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France to withdraw more than 2,000 troops from the Sahel of Africa



PARIS (AP) – France is withdrawing more than 2,000 troops from an anti-extremism force in the Sahel region of Africa early next year and will instead turn its military presence into specialized regional forces, President Emmanuel Macron said on Friday.

Macron last month announced a future reduction in France’s military presence, arguing that it is no longer tailored to the needs of the region. The French Barkhane force, which operated in Mali, Chad, Niger, Burkina Faso and Mauritania, had also met with opposition from some Africans.

After discussions on Friday with leaders of the African countries involved, Macron announced that France would reduce its strength to 2,500 to 3,000 troops in the long term. The country currently has 5,000 troops in the region.

The French leader insisted that his country does not abandon African partners and will continue to help them fight groups linked to Al-Qaeda and the Islamic State group.

“France has not the call or the will to stay forever in the Sahel,”

; Macron said. “We are there because we were asked to be.”

French troops have been present in Mali since 2013 when they intervened to force Islamic extremist rebels from power in cities across the north of the country. Operation Serval was later replaced by Barkhane and expanded to include other countries in an attempt to help stabilize the wider Sahel region.

Islamic militants, however, have continued to launch destructive attacks against the military fighting against them, as well as increasingly against civilians.

Hundreds have died since January in a series of massacres targeting villages on the border with Niger and Mali.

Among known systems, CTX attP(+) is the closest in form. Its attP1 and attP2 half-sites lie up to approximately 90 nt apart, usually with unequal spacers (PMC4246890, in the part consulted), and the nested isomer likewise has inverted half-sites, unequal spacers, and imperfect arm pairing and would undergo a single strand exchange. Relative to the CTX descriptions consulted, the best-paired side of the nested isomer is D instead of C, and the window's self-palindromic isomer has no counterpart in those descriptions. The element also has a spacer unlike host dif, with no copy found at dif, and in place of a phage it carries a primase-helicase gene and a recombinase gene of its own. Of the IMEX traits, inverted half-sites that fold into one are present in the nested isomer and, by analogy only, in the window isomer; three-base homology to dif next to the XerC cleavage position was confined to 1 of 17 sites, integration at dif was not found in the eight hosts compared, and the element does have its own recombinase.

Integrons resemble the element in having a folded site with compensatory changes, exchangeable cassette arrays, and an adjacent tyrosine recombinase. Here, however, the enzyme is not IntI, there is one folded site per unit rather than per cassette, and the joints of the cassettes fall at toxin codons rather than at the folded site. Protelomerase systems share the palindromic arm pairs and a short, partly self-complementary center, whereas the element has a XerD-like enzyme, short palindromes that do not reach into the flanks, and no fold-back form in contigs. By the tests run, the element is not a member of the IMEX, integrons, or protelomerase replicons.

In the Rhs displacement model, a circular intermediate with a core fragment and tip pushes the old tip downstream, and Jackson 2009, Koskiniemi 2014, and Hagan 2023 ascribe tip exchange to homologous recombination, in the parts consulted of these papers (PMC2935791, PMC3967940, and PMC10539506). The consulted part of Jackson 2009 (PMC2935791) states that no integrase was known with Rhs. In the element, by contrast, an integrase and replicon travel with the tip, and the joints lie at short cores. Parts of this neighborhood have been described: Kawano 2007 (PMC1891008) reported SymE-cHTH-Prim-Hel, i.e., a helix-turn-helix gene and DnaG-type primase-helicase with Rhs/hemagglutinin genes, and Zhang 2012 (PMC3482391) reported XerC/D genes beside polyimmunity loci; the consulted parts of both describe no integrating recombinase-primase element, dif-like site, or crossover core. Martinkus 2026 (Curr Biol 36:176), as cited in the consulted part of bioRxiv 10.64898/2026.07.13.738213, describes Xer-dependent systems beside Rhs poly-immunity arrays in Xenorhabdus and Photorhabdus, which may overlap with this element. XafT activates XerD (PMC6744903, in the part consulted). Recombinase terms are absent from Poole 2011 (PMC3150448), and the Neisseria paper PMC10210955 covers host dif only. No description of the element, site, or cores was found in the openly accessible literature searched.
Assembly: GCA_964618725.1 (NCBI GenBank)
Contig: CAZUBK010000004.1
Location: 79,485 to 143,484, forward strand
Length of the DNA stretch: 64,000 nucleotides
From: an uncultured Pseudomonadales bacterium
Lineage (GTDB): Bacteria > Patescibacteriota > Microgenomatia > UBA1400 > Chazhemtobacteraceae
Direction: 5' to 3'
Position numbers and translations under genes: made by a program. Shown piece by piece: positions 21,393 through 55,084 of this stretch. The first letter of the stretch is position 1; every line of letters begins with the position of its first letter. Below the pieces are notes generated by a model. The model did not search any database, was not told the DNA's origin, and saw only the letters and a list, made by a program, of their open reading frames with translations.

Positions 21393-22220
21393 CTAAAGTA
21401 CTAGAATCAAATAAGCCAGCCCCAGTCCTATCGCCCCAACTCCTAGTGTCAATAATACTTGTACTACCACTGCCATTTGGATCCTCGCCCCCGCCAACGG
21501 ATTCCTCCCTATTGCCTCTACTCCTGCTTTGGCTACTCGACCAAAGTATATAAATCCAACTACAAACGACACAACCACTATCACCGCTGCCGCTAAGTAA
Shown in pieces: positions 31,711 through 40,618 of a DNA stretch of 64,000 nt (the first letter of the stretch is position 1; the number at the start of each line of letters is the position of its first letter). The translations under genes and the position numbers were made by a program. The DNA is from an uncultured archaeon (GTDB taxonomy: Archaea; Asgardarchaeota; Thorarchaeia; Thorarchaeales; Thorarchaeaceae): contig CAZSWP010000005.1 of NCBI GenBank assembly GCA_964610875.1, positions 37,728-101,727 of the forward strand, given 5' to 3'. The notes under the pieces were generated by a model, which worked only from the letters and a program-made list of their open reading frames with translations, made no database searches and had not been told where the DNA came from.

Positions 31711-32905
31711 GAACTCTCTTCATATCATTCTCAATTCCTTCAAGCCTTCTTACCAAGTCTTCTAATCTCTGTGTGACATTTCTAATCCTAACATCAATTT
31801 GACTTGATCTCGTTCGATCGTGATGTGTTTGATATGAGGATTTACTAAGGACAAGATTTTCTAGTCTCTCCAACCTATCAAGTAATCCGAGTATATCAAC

While governments in the Sahel have embraced France’s military aid, some critics have compared their presence to a sanctuary for French colonial rule.

Over the next six months, France will focus on dismantling the Barkhane operation and reorganizing the troops, Macron said.

The French military will close the Barkhane bases in Timbuktu, Tessalit and Kidal in northern Mali over the next six months and begin reconfiguring its presence in the coming weeks, focusing in particular on the restrained border area where Mali, Burkina Faso and Niger meet.

Nigerian President Mohamed Bazoum, speaking on Macron’s side, welcomed French military support and training, but on African terms.

“The most important thing is that France upholds the principle of its support, its cooperation and its support for the armed forces of the various countries. We need France to give us what we do not have. We do not need France to give us what we already have, “he said without elaborating. He acknowledged the failure of the local armed forces, but also praised their courage in fighting extremists.

France’s military presence in the future will focus on neutralizing extremist operations and strengthening and training local armies, Macron said. “There will also be a dimension of reassurance … to remain permanently ready to intervene quickly in support of partner forces,” especially through military aviation from Niger and Chad.

This new structure “seems to us to respond better to the development of the threat,” he said. When the reorganization is complete, he said, “Barkhane operation will close.”

Some experts say France’s decision may be linked to growing political instability in Mali.

Macron’s June announcement came days after Mali head of state Colonel Assimi Goita was sworn in as president of a transitional government, strengthening his grip on power in the West African nation after carrying out his second coup in nine months.

In late June, the UN Security Council unanimously adopted a decision to expand the UN peacekeeping mission in crisis-ridden Mali, saying it was “imperative” that the military government hold presidential and legislative elections scheduled for February next year.

The Council maintained the ceilings of the UN force at 13,289 military troops and 1,920 international police, but asked Secretary-General Antonio Guterres to make a recommendation on the level of strength given the growing levels of insecurity and physical violence against civilians in central Mali.

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Petesch reported from Dakar, Senegal. Masha Macpherson of Paris contributed.


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